Decisions -

James Beaton, Discovery Foods, Founder of the UK's leading Mexican food brand

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Last Updated: 09 Oct 2013

MY BEST...

Being the first to introduce wrap sandwiches to the UK. About 10 years ago, I was in LA and went to eat at a place called WorldWraps, where they served huge sandwiches with all kinds of fillings - Thai, Chinese - wrapped in a big, soft, flour tortilla.

Discovery had been supplying tortillas to Mexican restaurants and caterers and supermarkets since we started in 1989, and I really liked the idea of those wraps. When I got back we worked up a few recipes and sent out a special 'wrap kit' to supermarket buyers and the sandwich makers - people like M&S, Pret a Manger and Geest. No-one had seen them before, but within six months we were selling 500,000 a week.

I think money spent on good design is never wasted. At the start, we couldn't afford above-the-line marketing, so the packaging had to be really good - it had to do so much work.

Hiring our MD, Brian Ridgeway, was another great decision. The firm would have gone bust long ago if I'd tried to keep doing everything myself.

MY WORST ...

Avoiding confrontation is not the best way of managing people, but it was something I tended to do when I was younger. Nowadays, I realise that it is a more caring response to tackle problems with individuals as they arise - as well as being better for business. But it is a very hard message to push all the way through the organisation.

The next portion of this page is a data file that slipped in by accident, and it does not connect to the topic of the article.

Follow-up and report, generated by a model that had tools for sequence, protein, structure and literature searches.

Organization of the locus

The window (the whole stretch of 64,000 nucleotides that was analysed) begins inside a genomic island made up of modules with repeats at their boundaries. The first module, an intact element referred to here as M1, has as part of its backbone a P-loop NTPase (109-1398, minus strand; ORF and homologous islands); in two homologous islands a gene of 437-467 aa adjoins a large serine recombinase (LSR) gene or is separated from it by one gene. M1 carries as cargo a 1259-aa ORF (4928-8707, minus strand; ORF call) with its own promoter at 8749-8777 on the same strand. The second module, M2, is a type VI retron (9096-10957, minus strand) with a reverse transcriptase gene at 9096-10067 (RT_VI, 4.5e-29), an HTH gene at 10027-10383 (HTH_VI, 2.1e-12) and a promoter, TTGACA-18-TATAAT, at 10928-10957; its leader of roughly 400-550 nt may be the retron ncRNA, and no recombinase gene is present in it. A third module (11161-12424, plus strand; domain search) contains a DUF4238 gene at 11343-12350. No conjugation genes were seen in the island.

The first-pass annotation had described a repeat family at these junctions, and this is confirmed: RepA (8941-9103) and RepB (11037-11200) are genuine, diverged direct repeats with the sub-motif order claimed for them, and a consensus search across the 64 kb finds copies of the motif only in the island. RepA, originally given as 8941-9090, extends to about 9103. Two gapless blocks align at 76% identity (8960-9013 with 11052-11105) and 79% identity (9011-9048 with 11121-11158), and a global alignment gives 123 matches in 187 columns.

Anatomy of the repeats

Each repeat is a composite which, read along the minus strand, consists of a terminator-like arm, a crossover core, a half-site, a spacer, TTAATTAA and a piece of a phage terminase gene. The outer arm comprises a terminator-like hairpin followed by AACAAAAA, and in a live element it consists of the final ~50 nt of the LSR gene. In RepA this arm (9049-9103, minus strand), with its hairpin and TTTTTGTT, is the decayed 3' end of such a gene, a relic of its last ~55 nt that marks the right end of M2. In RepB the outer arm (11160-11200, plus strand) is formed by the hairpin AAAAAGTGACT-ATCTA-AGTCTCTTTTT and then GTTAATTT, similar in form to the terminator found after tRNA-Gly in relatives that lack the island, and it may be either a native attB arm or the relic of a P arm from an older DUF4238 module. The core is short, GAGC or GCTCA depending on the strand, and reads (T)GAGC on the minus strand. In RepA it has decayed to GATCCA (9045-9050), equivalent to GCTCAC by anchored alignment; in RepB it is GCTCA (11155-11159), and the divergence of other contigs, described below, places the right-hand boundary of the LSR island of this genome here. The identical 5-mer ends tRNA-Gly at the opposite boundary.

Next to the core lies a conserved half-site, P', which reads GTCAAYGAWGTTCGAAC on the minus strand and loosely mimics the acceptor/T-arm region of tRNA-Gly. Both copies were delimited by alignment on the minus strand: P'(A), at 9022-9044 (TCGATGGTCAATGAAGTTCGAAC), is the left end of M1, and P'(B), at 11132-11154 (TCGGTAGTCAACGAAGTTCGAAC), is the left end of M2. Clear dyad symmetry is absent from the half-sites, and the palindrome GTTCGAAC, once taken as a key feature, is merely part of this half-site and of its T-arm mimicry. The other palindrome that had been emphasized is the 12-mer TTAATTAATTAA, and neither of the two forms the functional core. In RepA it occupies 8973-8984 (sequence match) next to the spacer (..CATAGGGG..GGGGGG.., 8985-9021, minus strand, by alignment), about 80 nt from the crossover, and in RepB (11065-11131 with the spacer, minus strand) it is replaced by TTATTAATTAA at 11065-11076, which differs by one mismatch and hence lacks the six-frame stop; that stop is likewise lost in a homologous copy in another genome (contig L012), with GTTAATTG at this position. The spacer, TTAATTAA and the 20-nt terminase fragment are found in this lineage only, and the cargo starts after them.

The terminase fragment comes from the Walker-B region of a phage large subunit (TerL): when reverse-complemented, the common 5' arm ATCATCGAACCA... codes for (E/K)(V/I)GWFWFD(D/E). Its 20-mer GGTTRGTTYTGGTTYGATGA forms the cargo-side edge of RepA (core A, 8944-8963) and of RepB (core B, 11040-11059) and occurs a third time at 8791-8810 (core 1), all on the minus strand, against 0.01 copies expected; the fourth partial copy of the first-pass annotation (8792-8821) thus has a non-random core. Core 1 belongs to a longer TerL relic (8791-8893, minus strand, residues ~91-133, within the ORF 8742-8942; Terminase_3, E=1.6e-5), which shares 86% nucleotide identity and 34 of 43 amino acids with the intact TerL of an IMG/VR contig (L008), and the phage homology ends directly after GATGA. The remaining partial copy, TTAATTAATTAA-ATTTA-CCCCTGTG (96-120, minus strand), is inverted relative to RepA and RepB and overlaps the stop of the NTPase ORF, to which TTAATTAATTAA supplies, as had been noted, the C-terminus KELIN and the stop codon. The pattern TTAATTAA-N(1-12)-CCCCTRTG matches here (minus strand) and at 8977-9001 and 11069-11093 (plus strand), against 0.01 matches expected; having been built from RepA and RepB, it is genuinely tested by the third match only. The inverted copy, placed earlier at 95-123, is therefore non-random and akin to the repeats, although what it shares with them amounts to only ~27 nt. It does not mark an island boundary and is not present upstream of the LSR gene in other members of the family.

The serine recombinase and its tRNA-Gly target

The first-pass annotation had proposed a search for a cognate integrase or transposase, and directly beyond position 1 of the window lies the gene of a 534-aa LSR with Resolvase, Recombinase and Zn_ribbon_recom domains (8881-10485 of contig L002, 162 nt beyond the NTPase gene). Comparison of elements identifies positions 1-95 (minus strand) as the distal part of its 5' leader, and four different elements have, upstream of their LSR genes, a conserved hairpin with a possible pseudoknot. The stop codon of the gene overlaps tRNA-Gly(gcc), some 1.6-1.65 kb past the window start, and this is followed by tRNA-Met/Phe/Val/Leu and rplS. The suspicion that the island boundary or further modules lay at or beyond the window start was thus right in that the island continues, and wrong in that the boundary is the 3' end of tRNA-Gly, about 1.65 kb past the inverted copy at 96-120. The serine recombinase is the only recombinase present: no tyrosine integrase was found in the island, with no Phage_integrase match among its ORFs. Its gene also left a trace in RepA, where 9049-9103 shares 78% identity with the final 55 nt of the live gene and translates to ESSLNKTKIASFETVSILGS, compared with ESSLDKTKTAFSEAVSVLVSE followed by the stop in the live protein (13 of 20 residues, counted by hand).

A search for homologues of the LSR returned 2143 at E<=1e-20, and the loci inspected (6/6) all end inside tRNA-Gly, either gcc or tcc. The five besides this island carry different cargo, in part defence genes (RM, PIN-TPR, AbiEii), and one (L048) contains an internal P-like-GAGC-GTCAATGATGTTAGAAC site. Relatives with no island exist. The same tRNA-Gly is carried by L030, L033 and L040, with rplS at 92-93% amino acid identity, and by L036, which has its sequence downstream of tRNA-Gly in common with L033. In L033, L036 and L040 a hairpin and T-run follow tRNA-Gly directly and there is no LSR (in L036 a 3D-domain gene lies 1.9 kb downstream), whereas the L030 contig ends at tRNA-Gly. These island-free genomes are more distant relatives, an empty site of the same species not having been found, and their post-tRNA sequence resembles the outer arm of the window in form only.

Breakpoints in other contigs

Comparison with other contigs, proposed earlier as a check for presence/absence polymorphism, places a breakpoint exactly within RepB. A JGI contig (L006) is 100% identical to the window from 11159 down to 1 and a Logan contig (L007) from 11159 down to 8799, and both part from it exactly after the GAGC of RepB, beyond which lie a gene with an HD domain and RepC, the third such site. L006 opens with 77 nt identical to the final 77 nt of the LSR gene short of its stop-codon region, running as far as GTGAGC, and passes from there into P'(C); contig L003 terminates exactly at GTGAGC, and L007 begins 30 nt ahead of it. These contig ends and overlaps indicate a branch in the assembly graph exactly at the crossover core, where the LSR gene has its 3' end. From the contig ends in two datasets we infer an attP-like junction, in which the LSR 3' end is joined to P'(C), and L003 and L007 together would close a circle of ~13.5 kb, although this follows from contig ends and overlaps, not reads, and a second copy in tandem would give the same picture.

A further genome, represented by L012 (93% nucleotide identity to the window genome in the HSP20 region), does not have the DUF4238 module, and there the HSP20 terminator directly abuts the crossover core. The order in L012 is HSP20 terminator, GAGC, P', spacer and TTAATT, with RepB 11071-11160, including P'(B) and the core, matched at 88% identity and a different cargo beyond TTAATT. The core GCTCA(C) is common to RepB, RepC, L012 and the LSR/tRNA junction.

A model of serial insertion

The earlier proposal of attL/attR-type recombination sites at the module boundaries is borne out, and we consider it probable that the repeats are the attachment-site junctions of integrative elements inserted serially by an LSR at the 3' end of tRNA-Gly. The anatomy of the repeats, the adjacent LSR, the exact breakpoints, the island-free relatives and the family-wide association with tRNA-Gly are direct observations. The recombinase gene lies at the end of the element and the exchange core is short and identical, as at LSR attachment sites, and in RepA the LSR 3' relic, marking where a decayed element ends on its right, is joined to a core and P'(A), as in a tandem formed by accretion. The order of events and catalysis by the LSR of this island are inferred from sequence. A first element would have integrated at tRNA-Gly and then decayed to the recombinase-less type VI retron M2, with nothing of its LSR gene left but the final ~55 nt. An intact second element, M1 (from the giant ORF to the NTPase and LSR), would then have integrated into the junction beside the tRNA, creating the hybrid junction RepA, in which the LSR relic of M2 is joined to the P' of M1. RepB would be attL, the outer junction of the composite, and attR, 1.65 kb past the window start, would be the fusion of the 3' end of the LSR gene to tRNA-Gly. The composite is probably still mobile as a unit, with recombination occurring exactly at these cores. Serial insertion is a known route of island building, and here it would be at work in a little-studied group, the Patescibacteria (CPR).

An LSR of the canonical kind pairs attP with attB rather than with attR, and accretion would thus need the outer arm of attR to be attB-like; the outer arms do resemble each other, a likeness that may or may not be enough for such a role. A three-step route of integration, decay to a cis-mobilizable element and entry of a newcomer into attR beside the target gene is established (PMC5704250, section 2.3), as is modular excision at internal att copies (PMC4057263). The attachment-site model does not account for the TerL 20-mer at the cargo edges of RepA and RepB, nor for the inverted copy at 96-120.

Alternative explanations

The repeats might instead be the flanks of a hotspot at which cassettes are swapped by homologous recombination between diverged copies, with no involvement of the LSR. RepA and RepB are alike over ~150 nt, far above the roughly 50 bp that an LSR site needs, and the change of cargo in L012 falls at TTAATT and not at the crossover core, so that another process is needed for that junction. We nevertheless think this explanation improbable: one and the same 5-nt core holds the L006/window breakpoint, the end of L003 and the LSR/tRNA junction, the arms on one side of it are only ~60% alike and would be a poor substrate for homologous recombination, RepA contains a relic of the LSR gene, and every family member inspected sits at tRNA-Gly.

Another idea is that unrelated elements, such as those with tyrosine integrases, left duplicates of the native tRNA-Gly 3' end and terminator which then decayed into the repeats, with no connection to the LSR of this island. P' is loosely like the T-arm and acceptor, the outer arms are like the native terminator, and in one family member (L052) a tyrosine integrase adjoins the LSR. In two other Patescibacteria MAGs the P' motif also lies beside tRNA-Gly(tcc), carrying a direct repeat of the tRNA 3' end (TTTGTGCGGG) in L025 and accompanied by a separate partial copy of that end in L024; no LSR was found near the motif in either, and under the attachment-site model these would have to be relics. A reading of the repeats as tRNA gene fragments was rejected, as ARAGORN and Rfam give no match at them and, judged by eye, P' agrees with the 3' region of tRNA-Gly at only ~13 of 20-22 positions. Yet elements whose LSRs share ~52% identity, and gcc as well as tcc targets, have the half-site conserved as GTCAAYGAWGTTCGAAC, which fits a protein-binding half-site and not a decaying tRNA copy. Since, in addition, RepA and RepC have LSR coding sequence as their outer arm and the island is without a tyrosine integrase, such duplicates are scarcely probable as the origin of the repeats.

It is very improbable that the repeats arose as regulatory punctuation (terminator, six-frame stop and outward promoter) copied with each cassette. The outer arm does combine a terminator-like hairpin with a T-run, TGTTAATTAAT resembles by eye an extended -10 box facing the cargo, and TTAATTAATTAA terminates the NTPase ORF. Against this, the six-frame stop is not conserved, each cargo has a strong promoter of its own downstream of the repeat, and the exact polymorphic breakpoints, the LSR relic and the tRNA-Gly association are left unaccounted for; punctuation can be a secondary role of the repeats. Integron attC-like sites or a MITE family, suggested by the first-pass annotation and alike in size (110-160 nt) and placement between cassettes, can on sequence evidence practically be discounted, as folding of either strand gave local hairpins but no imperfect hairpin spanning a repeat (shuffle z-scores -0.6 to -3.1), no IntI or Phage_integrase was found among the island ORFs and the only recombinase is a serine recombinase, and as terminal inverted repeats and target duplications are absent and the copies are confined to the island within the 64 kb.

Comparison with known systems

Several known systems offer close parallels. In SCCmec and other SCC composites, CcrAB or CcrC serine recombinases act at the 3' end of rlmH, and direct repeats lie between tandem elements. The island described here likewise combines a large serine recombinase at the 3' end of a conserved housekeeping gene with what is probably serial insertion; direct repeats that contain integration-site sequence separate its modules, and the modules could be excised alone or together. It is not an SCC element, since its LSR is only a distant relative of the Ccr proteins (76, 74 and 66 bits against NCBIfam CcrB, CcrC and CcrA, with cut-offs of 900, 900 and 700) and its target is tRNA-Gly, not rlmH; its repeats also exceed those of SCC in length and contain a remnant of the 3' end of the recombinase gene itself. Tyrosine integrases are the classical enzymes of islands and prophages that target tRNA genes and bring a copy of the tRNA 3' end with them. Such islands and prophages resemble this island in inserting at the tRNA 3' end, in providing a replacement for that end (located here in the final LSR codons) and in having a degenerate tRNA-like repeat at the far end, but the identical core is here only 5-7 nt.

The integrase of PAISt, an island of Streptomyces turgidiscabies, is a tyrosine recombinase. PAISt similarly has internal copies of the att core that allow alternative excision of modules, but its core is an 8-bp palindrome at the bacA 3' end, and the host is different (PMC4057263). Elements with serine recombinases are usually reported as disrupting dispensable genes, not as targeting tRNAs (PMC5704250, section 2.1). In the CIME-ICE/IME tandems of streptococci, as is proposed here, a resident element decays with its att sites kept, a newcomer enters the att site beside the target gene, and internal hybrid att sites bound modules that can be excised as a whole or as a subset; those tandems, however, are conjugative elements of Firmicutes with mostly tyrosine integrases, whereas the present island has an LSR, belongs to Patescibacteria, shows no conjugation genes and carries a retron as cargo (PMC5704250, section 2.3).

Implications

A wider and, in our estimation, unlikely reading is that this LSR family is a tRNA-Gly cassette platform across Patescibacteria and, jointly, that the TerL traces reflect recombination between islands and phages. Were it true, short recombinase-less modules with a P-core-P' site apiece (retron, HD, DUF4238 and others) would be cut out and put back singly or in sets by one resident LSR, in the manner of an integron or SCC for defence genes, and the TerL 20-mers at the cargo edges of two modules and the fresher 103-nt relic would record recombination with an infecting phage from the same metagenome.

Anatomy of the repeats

I also regret that not everyone has been able to grow as the company has grown. We now make six million tortillas a week and have just opened a third factory to cope with demand. But sometimes the person who was right when there were only three of you just isn't right now there are 300.

Last year, we launched a range of New York-style pasta sauces. I always wanted to take us beyond Mexican food - that's why we chose the name Discovery, because it's not specifically Mexican. The sauces didn't take off, because we couldn't afford to support them with enough investment.

We turn over £40 million a year, but my biggest regret is that we haven't created the kind of wealth to let us advertise our brands better.

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